What year is it?!

This blog’s having a bit of a Rip Van Winckle moment, waking up, bleary-eyed, from a long nap, staggering around and wondering if it can survive in this strange new world.

Ok, slight exaggeration there.

What with studying an MPhil in textile conservation, I decided it would be wise to focus my time and writing efforts on studies.

stitchingjacket

This is what a textile conservator looks like (working on a bloodstained jacket from Annan Museum)

The course has been a mighty learning curve; I’ve learnt about the science behind textile fibres, and how and why they degrade, researched an ornate Afghan coat, seen the weavers in action at the fantastic Dovecot Studios in Edinburgh, unwrapped and humidified 1500-year-old archaeological fragments from a burial site in Sudan, talked my socks off at the Centre for Textile Conservation Open Day and the Edinburgh College of Art, and conserved  an amazing  bloodstained military jacket from Annan Museum.

More than that, I’ve met, made friends and shared way too many embarassing stories with my coursemates (two of whom write awe-inspiring blogs: https://textileinvestigations.wordpress.com/ and https://hannahsuthers.com/blog/).

Right now I’m applying for jobs and preparing for the trip of a lifetime to Japan next week. I’ll be taking part in a traditional Japanese indigo-dyeing workshop in Fujino, so thought it would be a crime not to share what I see and learn while I’m there. Check back here for updates!

 

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Thursday’s Paradigm Knit

Sion relic purse

Here’s a page from Reverend Rutt’s A History of Knitting, a book mentioned previously in this post. Along with information on a fourteenth-century knitted purse found in a Swiss cathedral, Rutt has helpfully included a pattern of the purse’s design, so I tried it out in Rowan fine tweed. HoKtweed1tweed3tweed2

Historical Hairdos

‘Sappho’: fresco of a lady holding a stylus to her lips, with a writing tablet in her left hand. From Pompeii.

Recently my sister told me about this amazing lady called Janet Stephens who makes youtube videos on reconstructions of historical, mainly ancient, hairdos. A lot of them actually involve using a needle and thread to stitch the hair in place, and so also require a handy slave to do all the work.

I also found this wonderful quote in the catalogue for the current Life and Death in Pompeii and Herculaneum exhibition at the British Museum:

Ovid in his Ars Amandi (III, 133ff) “…in the same way you can’t count the acorns on an oak tree, so you’ll never be able to count the different ways of doing women’s hair … many women look great with a bedraggled careless look. You’d think it was yesterday’s hairdo (but she’s only just done it…). Contrived styles must look casual.”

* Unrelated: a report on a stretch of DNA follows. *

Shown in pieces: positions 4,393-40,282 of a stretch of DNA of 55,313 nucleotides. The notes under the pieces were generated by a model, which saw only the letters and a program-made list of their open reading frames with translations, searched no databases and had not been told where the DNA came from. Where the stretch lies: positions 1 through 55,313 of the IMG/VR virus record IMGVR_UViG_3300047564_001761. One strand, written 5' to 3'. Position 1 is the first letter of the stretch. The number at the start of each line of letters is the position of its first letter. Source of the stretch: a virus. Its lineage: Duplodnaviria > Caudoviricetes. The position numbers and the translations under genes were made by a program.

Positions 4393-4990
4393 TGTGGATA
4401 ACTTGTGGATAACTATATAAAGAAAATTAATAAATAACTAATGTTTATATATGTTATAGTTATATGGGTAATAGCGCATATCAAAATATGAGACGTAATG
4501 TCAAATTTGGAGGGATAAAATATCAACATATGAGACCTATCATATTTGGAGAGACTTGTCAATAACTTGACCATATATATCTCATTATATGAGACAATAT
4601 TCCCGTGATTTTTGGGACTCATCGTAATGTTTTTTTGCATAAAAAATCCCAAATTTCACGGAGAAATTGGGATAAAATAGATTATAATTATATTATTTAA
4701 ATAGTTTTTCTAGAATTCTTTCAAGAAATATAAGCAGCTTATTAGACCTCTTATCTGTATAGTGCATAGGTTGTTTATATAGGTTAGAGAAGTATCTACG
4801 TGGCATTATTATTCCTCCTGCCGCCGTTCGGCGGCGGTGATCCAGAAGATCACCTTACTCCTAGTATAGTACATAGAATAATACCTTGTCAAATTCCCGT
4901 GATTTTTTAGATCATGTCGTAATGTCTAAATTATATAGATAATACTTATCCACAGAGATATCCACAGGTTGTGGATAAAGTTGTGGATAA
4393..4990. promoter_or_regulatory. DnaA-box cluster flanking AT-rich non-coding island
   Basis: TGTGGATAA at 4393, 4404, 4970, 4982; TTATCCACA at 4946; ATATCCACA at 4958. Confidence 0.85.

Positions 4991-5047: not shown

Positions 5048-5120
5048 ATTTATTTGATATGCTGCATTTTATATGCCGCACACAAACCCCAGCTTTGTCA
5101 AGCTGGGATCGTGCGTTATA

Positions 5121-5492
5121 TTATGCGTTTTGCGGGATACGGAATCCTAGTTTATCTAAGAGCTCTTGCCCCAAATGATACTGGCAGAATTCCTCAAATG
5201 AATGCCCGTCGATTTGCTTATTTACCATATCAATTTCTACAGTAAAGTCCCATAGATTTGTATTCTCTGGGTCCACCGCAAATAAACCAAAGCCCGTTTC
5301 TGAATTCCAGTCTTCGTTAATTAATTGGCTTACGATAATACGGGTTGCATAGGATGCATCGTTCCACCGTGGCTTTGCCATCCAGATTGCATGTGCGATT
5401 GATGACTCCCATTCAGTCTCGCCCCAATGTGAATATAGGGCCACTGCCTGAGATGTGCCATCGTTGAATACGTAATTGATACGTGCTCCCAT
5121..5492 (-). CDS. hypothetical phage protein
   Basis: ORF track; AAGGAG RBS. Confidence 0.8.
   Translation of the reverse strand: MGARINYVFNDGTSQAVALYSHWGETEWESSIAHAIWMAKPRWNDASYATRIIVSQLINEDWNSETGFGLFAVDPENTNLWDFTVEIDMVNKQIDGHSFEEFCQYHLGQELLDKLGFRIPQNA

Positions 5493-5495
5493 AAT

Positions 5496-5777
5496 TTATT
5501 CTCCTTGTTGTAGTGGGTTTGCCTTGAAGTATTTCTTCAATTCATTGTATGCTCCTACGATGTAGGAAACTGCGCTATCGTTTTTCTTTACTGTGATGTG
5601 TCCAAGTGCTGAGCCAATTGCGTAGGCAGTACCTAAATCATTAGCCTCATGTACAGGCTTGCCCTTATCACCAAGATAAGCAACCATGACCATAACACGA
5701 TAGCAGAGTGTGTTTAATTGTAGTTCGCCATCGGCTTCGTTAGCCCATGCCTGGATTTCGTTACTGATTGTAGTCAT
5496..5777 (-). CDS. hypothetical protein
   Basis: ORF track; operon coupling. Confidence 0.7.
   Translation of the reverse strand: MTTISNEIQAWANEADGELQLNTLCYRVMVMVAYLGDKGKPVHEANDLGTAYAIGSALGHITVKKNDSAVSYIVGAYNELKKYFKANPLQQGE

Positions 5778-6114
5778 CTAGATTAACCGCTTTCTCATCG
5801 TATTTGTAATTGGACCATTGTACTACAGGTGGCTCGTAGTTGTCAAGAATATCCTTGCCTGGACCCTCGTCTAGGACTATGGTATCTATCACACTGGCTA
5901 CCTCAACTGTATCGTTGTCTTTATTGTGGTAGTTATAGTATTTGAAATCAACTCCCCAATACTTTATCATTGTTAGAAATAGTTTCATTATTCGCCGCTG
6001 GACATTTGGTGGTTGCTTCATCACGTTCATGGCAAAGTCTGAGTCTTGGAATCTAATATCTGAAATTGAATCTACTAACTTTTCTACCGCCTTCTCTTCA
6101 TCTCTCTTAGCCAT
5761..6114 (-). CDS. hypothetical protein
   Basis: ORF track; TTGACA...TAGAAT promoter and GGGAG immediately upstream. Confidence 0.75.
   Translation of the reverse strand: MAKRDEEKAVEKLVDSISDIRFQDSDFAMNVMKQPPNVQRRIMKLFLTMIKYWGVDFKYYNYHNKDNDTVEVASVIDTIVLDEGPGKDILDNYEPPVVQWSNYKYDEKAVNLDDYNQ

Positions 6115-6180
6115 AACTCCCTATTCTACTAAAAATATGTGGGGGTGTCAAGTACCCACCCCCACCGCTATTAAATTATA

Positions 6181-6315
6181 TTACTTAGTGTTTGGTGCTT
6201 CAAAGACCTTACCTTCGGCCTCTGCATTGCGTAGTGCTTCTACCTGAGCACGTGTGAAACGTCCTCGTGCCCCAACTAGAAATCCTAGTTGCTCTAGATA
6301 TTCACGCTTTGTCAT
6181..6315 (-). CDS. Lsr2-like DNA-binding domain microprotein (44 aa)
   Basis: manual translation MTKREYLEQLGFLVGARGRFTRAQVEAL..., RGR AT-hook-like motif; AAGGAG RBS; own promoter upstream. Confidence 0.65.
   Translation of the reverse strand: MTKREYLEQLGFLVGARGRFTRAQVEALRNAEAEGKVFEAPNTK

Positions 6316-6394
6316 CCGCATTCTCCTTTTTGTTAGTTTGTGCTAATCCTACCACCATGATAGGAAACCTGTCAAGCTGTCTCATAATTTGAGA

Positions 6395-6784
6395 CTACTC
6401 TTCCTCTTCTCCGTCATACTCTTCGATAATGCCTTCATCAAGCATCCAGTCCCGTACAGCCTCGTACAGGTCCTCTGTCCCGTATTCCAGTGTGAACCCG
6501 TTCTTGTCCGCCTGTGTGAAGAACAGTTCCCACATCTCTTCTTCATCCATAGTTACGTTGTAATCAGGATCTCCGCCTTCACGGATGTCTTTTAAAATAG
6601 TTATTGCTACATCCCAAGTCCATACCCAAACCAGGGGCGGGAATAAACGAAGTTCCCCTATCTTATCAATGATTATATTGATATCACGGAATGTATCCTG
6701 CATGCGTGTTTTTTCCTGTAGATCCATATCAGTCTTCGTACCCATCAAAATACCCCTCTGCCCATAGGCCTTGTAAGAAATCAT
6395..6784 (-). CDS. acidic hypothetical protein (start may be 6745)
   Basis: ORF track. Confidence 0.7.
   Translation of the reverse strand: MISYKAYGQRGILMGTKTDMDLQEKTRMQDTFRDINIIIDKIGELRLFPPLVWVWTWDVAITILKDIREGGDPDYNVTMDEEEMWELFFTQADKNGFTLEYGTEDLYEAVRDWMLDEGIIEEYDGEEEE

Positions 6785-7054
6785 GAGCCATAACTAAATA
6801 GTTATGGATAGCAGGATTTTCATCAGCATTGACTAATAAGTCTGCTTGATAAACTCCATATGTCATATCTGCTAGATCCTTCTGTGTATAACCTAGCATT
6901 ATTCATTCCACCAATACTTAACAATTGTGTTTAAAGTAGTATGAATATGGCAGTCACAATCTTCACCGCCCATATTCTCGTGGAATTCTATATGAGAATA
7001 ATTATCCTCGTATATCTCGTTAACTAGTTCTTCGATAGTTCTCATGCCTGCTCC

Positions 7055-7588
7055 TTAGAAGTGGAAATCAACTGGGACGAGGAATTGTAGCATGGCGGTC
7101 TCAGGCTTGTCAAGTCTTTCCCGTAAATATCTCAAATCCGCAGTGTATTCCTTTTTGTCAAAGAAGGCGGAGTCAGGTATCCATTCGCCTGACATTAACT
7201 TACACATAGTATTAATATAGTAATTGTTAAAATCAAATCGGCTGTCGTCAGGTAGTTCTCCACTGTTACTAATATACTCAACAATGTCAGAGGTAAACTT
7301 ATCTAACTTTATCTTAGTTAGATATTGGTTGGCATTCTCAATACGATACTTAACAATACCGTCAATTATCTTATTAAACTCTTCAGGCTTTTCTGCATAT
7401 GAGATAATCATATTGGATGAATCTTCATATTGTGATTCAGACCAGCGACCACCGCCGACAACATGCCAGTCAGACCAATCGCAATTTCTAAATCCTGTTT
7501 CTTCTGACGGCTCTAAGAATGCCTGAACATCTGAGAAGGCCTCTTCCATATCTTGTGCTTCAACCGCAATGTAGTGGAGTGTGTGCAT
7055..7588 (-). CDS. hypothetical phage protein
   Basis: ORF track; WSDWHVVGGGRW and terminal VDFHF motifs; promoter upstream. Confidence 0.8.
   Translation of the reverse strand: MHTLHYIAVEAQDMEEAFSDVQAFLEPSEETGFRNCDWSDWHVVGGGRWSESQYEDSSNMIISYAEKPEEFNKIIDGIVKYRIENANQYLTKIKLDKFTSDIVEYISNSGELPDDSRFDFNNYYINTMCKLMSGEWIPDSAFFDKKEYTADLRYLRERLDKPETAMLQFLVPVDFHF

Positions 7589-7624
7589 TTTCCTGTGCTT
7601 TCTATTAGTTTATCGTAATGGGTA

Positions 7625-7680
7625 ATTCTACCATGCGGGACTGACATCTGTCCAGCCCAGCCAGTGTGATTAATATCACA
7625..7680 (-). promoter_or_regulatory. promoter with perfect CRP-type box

Paul Roberts, Life and Death in Pompeii and Herculaneum (British Museum Press, London, 2013), p. 135

Deathshead Buttons

Talking of buttons.. these are the ultimate for me. Handmade true-to 18th century buttons with the best button name in the world.

Please take a look at the rest of Hannah’s blog – it shows all the other incredible things she does on her Costume Interpretation course, like recreating 1860s underwear and a 1770s French Sack Back (made with handprinted fabric).

Hannah Sutherland

My third and final uni project is a 1770s Sack Back with compere front. Like many 18th century buttons, the ones featured are known as “Deathshead” (or deaths head). These are created by winding lengths of thread/silk/yarn around a button mould. Today i got far too into trying to conquer the art, so i didn’t stop to take progress photos. I have 12 to make in total, so plenty of time for that. I’ll try and do it step-by-step as i found it really confusing trying to follow the written instructions i had initially. Thank God for YouTube!! http://www.youtube.com/watch?v=deRMQ0I16TA

So these are the buttons i need to recreate…

 

and with a little help from the wonderful people at WM Booth, Draper. (http://www.wmboothdraper.com/)I managed to create these..

 

 

It took me about 1 1/2 hours to go from knowing nothing to making these 3, so it wasn’t too…

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The knitting bishop

A new (to me) book! I’ve discovered A History of Hand Knitting, written by Richard Rutt, Bishop of Leicester, and published in 1987. I haven’t come across any other writing on the history, techniques and regional variations of knitting that go into as much depth or are as well written as this one. At 26 years old, Rutt’s writing still holds its own but is unfortunately out of print.

Sadly he died last year, and donated his collection of knitting-related reading matter to the University of Southampton. This has all been scanned and made available online by the University here. The items are in chronological order, from c. 18oo to 1911. Just click on any of the images and a pdf of the full item will download.

Eivor Fisher’s ‘Swedish Embroidery’

In an earlier post I mentioned finding this beautiful book on Swedish embroidery, written by Eivor Fisher for an Anchor series in 1953. Here is a sneaky peek to show you how inspiring this book is. I loved reading about the traditional bridegroom shirts, made by their future wife to be worn on their wedding day, and “often not used again until needed as a shroud”.